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Average Customer Review:
( 73 customer reviews )
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Most Helpful Customer Reviews
24 of 24 found the following review helpful:
Great product to finally do away with fiberglass wrapSep 10, 2010
By King Tut
I used this to wrap the header and downpipe on my 2005 Subaru. Works great doesn't itch while you rub against it while installing the parts on the car. Keeps heat where it belongs, in the pipes. A great buy at a reasonable price. Step into the 21st century. It does fray easily on the edges so be careful when wrapping stuff. Also a note this and any wraps for exhaust parts do smoke upon first start up. Fiberglass wraps smoke for about 2-3 days on and off again and smell really bad. This stuff literally smoked for 15min and hasn't since, the smell was not as lingering or pungent.
20 of 21 found the following review helpful:
Titanium Exhaust Wrap - An Improvement Over Traditional DEIOct 17, 2011
I bought DEI titanium wrap for some downpipes that connect to the turbos on my car. I only purchased 15' to give it a try and was really pleased with the flexibility of the material. As other reviewers have commented, it frays easily, so you have to be slow and careful when working with it around sharp edges that may snag the wrap.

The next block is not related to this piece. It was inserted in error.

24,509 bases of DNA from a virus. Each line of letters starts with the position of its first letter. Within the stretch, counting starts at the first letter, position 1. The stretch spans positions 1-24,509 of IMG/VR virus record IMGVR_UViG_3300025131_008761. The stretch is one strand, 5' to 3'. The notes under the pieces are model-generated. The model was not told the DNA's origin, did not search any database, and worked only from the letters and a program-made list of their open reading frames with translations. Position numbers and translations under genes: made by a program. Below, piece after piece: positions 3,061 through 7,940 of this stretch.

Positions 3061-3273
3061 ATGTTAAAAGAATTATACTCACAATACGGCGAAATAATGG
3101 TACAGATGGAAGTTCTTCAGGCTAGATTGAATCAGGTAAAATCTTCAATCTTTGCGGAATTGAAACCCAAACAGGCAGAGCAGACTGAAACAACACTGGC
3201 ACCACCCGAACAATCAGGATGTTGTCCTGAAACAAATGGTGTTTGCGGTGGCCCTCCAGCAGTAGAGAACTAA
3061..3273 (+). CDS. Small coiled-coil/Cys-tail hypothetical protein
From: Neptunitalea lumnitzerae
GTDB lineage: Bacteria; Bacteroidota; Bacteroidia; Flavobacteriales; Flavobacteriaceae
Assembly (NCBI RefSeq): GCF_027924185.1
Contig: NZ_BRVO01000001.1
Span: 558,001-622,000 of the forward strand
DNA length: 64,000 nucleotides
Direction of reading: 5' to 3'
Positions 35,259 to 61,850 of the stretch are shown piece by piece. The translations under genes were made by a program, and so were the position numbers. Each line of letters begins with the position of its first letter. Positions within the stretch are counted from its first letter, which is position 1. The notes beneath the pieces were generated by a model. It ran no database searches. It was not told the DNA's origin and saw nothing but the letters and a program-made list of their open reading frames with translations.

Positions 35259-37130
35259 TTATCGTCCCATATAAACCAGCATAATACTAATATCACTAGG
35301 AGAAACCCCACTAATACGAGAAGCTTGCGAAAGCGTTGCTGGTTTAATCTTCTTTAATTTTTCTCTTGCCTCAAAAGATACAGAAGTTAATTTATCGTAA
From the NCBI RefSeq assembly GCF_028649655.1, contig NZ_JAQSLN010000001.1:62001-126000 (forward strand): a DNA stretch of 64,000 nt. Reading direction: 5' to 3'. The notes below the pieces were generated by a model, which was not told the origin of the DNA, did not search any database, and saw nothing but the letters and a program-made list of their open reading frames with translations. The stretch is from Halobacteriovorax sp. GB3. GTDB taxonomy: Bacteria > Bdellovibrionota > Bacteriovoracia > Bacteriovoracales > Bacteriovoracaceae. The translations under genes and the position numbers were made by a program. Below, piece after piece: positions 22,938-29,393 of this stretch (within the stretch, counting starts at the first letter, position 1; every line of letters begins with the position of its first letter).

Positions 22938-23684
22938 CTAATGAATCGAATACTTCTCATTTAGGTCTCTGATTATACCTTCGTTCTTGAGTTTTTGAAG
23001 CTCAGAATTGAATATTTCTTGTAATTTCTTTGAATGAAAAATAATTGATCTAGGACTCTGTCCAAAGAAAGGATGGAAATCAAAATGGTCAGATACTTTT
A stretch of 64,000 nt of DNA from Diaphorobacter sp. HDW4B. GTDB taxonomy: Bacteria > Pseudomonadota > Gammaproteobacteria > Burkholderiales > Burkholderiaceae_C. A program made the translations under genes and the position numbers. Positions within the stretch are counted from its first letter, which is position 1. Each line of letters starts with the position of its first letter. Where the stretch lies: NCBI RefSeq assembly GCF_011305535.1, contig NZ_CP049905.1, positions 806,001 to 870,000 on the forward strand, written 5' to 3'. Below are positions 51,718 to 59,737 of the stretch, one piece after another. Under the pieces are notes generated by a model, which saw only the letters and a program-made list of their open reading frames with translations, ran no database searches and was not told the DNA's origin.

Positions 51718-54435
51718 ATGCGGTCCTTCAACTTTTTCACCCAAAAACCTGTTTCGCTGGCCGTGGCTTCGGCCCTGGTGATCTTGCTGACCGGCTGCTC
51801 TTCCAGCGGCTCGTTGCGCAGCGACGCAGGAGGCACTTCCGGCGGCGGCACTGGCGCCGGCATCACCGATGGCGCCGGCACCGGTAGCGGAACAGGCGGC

I had never used any other exhaust wrap before, so to an extent, I was spoiled by how flexible this stuff is. After I ran out of 15', I mistakenly bought the legacy DEI exhaust wrap that is fiberglass. I tried to use it the same way I had with the titanium, and it was much less flexible. It tended to not do so well hugging pipes that had diameter transitions. In fact, they recommend you soak the fiberglass wrap in water prior to installation. For this reason, I would recommend the titanium exhaust wrap on any pipes that had curves and/or diameter changes.
The only downside that I noticed to the titanium wrap is how porous it seems compared to the fiberglass. I believe the titanium wrap is more flexible because overall each layer is thinner and the weave of the fabric is not as tight, which allows it to bend more easily. The only real way to tell a performance difference is to measure both the engine compartment temperatures and then possibly the surface of the materials themselves to see which traps in my heat.
Also, I'm not entirely sure stainless steel ties are necessary. I bought a generic spool of 100' wire I think fence repair wire or something) from a hardware store that serves all sorts of purposes as it is thick enough to maintain it's shape and can hold a lot of weight, like brake calipers, hub assemblies off axles, etc. Plus, you can wrap sections around the exhaust fabric and then grab the ends with pliers and twist. This will pull the wire firmly around the pipe like a twisty-tie. Those SS zip ties are a couple of bucks each, and when you make multiple independent passes with the exhaust wrap from different angles, that can really get expensive.
9 of 9 found the following review helpful:
Great stuffApr 23, 2013
Didn't realize this had fiberglass in it (probably due to my inability to read all directions). I ended up getting this on the couch, the carpet, the coffee table, and myself. Found out it had fiberglass in it about 30 minutes later, itching really bad. Made the girlfriend mad because she sat on the couch and got it on her. Nothing a shower can't take care of. I would not recommend wrapping headers/pipes inside.